Diabetes, Heart Associations Align Fight Against Heart Disease
January 2, 2007
In a joint statement released today, the American Diabetes Association (ADA) and American Heart Association (AHA) summarize the evidence supporting lifestyle and medical interventions that can help to prevent the development of heart disease in people with diabetes.
The statement, published in Circulation: Journal of the American Heart Association and the American Diabetes Association’s clinical research journal Diabetes Care, outlines joint guidelines from the organizations that encourage more aggressive prevention and treatment of the risk factors that lead to heart disease, the number one killer of people with diabetes.
Traditional lifestyle changes for people with diabetes have focused on weight loss. These new joint guidelines emphasize a need for major interventions that more significantly reduce CVD risk factors. It continues to cite the importance of achieving a healthy lifestyle, based on increased physical activity, medical nutrition therapy, and weight control. In addition, the statement calls for increased medical interventions, such as the use of statins, ACE inhibitors, and other drugs to manage lipids, blood pressure, and blood glucose levels in people with diabetes. The recommendations apply equally to people with type 1 and type 2 diabetes.
These joint guidelines are part of an ongoing effort by the two organizations to coordinate efforts in the fight against cardiovascular disease, which affects two out of three people with diabetes.
“Diabetes is a deadly disease, but the truth is that most people who have it will actually die from heart disease, its most common and too often fatal complication,” said John Buse, M.D., Ph.D., President-Elect, Medicine & Science, American Diabetes Association, Professor at the University of North Carolina at Chapel Hill, and co- author of the joint statement.
“Thanks to decades of research, we now know quite a bit about how to lower the risk for heart disease – whether you have diabetes or not. But these risk factors often aren’t treated aggressively enough, and the people who are living with diabetes aren’t benefiting from this knowledge. We hope this joint statement will encourage physicians to put this knowledge to use in a more consistent manner.”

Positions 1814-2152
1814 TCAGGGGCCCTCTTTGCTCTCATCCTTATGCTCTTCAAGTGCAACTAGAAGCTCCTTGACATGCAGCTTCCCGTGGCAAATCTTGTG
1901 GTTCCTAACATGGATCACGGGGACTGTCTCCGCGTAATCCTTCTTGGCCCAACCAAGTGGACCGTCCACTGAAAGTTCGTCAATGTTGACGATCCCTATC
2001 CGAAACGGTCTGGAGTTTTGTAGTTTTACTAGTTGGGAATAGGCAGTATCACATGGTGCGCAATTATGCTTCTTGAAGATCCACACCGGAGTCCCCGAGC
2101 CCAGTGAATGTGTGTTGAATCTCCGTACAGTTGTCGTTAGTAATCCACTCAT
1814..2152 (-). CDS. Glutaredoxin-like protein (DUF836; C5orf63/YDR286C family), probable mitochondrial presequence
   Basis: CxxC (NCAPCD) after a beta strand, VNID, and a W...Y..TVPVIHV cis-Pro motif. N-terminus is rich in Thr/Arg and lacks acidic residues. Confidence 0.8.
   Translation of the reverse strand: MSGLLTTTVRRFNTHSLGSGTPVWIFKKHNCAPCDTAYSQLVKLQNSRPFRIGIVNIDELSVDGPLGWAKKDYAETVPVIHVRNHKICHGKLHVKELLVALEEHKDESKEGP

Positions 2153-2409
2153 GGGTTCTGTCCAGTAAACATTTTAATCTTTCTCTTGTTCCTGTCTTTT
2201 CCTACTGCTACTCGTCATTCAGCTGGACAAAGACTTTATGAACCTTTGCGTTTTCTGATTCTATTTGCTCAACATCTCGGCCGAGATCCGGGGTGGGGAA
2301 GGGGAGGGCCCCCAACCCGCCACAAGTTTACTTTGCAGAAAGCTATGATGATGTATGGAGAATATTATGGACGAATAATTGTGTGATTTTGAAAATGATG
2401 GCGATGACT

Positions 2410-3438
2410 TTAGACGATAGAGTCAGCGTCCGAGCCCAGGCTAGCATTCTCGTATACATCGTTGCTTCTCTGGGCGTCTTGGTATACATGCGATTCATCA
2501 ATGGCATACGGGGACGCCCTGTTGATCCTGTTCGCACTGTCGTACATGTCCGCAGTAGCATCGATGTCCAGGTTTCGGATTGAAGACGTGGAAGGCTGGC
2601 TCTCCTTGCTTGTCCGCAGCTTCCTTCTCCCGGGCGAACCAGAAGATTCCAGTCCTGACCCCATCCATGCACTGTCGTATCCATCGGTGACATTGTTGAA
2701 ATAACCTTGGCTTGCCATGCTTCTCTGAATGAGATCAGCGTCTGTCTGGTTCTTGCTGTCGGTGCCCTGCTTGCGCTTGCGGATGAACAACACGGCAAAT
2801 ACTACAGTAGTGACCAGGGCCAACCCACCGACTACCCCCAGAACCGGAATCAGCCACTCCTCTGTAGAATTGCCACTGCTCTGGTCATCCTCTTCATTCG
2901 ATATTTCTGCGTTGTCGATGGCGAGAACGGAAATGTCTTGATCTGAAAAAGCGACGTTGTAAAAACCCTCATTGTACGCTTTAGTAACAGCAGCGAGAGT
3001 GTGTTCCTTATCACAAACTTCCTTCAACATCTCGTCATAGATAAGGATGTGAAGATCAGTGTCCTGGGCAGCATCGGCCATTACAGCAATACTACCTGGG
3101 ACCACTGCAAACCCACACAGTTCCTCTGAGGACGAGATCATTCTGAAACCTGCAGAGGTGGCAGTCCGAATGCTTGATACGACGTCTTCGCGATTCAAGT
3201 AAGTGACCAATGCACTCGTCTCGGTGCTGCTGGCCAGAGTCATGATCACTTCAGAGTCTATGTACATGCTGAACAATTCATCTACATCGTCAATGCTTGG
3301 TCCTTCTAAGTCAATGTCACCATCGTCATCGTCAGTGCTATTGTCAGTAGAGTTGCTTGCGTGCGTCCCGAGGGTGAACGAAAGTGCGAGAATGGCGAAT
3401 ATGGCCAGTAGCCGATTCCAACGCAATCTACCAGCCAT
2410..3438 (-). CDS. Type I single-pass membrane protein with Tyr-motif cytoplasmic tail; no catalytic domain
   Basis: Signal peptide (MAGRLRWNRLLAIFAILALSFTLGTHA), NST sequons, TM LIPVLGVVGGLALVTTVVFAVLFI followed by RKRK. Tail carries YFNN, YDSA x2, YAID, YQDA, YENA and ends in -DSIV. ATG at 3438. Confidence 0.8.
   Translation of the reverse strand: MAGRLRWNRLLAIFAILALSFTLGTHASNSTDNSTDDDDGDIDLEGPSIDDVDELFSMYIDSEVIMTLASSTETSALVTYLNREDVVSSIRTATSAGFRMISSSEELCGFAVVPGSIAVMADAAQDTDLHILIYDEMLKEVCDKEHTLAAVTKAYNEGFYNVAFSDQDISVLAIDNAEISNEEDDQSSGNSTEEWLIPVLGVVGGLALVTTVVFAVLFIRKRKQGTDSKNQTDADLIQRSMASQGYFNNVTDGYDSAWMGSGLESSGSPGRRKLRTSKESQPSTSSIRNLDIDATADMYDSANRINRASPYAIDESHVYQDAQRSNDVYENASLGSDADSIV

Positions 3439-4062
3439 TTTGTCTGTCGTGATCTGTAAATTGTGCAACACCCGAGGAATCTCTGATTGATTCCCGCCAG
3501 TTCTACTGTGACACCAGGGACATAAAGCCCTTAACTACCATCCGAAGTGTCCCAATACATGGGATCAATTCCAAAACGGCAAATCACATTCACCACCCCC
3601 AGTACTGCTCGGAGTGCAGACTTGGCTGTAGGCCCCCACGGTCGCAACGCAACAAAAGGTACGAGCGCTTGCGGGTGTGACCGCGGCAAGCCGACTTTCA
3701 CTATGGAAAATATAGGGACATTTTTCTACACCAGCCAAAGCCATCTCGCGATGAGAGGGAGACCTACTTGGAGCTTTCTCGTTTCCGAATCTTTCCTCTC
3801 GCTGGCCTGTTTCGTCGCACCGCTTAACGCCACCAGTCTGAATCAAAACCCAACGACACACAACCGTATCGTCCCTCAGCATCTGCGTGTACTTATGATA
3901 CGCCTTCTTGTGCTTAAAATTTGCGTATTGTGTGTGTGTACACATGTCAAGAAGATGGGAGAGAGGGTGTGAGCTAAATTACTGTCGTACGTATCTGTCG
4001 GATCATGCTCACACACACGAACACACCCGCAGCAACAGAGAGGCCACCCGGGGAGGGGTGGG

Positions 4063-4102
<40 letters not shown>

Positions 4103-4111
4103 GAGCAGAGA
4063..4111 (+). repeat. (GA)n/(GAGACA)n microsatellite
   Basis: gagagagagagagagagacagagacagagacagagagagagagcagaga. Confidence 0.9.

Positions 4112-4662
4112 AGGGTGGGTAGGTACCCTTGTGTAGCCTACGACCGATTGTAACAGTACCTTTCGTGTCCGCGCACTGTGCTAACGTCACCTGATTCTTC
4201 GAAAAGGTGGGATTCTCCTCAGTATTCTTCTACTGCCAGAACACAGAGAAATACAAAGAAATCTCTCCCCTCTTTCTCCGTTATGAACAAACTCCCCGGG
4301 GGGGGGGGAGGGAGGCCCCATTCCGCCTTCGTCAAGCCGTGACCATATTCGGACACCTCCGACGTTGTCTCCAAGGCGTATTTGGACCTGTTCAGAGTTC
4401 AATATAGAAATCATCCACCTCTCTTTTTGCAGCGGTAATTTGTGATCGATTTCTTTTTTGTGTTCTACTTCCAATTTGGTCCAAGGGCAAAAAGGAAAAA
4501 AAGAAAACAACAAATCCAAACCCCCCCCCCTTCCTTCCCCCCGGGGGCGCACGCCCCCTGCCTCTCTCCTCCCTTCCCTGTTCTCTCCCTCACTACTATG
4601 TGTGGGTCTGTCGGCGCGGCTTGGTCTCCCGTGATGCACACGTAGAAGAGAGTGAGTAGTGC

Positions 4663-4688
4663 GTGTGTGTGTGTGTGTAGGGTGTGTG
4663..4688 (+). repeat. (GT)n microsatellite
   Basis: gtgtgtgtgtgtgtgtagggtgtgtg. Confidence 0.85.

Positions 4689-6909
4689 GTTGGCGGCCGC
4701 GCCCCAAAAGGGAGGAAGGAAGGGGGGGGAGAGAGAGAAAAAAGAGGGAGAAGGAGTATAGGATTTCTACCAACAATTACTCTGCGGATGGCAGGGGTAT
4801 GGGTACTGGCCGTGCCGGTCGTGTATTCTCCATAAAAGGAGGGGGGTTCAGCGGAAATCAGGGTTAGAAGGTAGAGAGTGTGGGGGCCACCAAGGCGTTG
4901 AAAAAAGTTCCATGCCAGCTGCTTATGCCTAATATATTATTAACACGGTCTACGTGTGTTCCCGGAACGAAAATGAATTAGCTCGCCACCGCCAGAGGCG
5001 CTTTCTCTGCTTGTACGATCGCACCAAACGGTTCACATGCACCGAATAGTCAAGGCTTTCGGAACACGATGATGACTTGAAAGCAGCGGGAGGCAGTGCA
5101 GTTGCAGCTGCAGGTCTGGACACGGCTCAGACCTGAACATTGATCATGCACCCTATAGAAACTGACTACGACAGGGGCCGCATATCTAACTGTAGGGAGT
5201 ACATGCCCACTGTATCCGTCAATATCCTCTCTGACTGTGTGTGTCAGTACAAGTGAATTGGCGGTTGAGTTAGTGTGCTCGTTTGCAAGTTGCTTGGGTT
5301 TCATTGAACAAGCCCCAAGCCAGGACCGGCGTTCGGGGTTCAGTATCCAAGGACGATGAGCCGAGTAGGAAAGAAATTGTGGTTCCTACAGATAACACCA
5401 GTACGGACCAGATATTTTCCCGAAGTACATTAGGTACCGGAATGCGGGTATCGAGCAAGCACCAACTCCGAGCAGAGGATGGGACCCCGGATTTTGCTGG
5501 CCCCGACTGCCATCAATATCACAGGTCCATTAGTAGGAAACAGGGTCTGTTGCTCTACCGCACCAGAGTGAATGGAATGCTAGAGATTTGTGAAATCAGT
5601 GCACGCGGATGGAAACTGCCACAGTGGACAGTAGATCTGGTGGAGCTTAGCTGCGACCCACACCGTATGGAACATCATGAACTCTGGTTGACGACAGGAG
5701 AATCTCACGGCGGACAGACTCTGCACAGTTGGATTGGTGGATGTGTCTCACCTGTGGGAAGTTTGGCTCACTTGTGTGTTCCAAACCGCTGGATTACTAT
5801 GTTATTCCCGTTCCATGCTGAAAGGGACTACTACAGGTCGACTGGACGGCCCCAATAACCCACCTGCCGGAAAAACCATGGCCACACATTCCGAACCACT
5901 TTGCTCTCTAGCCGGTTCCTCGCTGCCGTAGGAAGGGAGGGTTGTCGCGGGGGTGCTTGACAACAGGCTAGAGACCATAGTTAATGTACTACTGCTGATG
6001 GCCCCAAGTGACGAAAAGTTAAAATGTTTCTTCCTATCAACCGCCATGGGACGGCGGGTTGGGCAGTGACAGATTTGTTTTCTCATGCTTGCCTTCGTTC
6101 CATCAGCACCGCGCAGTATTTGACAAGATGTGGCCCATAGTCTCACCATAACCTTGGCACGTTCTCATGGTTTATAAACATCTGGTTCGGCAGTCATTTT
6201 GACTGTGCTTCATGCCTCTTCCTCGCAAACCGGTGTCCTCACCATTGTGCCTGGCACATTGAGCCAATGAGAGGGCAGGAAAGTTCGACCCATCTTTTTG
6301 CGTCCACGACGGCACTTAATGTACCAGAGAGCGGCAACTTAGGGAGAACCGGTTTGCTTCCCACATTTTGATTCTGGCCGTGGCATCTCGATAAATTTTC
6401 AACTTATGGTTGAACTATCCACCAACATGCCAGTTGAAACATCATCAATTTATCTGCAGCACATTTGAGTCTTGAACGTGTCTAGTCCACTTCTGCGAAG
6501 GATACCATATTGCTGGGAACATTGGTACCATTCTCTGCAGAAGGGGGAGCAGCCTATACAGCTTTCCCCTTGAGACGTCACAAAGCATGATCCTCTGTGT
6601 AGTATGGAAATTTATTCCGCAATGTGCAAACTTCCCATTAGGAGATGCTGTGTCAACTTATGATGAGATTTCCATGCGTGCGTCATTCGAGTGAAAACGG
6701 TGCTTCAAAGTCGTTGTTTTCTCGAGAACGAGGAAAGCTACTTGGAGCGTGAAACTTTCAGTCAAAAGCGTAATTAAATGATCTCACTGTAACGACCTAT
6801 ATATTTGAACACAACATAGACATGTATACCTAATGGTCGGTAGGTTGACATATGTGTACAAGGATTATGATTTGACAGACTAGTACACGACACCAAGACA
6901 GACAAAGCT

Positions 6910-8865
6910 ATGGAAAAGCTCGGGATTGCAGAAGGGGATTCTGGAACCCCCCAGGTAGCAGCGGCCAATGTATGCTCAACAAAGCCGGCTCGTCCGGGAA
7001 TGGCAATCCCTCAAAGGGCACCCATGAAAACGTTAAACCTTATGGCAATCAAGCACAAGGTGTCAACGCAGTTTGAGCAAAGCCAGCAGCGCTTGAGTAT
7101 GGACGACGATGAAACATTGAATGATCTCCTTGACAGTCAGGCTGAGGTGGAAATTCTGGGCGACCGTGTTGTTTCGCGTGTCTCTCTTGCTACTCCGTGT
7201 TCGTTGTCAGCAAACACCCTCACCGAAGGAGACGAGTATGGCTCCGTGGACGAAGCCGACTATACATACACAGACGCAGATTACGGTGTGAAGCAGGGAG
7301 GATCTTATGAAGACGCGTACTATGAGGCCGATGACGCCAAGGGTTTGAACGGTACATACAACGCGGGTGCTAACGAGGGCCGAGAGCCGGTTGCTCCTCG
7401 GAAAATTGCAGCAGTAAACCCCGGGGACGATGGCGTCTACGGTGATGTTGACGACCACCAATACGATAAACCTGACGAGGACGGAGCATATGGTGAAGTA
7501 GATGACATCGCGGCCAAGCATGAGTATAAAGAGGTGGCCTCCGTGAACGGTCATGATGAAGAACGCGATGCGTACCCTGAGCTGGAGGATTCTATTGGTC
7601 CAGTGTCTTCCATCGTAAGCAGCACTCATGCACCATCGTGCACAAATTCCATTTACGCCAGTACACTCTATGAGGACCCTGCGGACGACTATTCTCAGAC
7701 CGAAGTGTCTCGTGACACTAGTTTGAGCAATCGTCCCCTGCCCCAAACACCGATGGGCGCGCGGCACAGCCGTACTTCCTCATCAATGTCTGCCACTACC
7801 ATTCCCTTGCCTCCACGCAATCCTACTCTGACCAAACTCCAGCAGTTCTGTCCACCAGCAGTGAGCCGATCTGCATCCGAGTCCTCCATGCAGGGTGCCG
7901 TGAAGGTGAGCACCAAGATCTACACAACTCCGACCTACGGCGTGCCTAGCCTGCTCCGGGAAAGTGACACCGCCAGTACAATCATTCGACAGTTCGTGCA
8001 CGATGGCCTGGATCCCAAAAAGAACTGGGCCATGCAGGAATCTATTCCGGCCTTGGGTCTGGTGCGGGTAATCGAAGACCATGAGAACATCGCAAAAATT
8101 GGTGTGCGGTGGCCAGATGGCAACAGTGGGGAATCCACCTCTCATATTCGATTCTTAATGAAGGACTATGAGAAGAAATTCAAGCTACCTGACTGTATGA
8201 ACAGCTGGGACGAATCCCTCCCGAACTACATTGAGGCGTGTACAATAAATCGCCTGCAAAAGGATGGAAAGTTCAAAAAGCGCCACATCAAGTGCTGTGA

“We must practice primary prevention of cardiovascular disease in patients with diabetes,” said Henry Ginsberg, M.D., F.A.H.A., Irving Professor of Medicine at the College of Physicians and Surgeons of Columbia University and co-author for the American Heart Association.
“Once a person with diabetes has a heart attack or stroke, they do much worse than people without diabetes; if you have diabetes and have a heart attack, you don’t do as well after a stent or after bypass surgery, and your chance of dying in the next 12 months is much higher. Both associations have been very active in educating healthcare professionals about the links between diabetes and cardiovascular disease, and so it was natural for us to join forces and provide a comprehensive review of the evidence, and guidelines based on that evidence,
for the primary prevention of cardiovascular disease in our patients with diabetes.”
People with diabetes are two to four times as likely as those in the general population to suffer cardiac events or stroke. They are also far less likely to survive a cardiac event should one occur, than someone who does not have diabetes. But their risk can be reduced, and these guidelines provide the needed information.
About the American Diabetes Association
Nearly half of American adults have diabetes or prediabetes; more than 30 million adults and children have diabetes; and every 21 seconds, another individual is diagnosed with diabetes in the U.S. Founded in 1940, the American Diabetes Association (ADA) is the nation’s leading voluntary health organization whose mission is to prevent and cure diabetes, and to improve the lives of all people affected by diabetes. The ADA drives discovery by funding research to treat, manage and prevent all types of diabetes, as well as to search for cures; raises voice to the urgency of the diabetes epidemic; and works to safeguard policies and programs that protect people with diabetes. In addition, the ADA supports people living with diabetes, those at risk of developing diabetes, and the health care professionals who serve them through information and programs that can improve health outcomes and quality of life. For more information, please call the ADA at 1-800-DIABETES (1-800-342-2383) or visit diabetes.org. Information from both of these sources is available in English and Spanish. Find us on Facebook (American Diabetes Association), Twitter (@AmDiabetesAssn) and Instagram (@AmDiabetesAssn)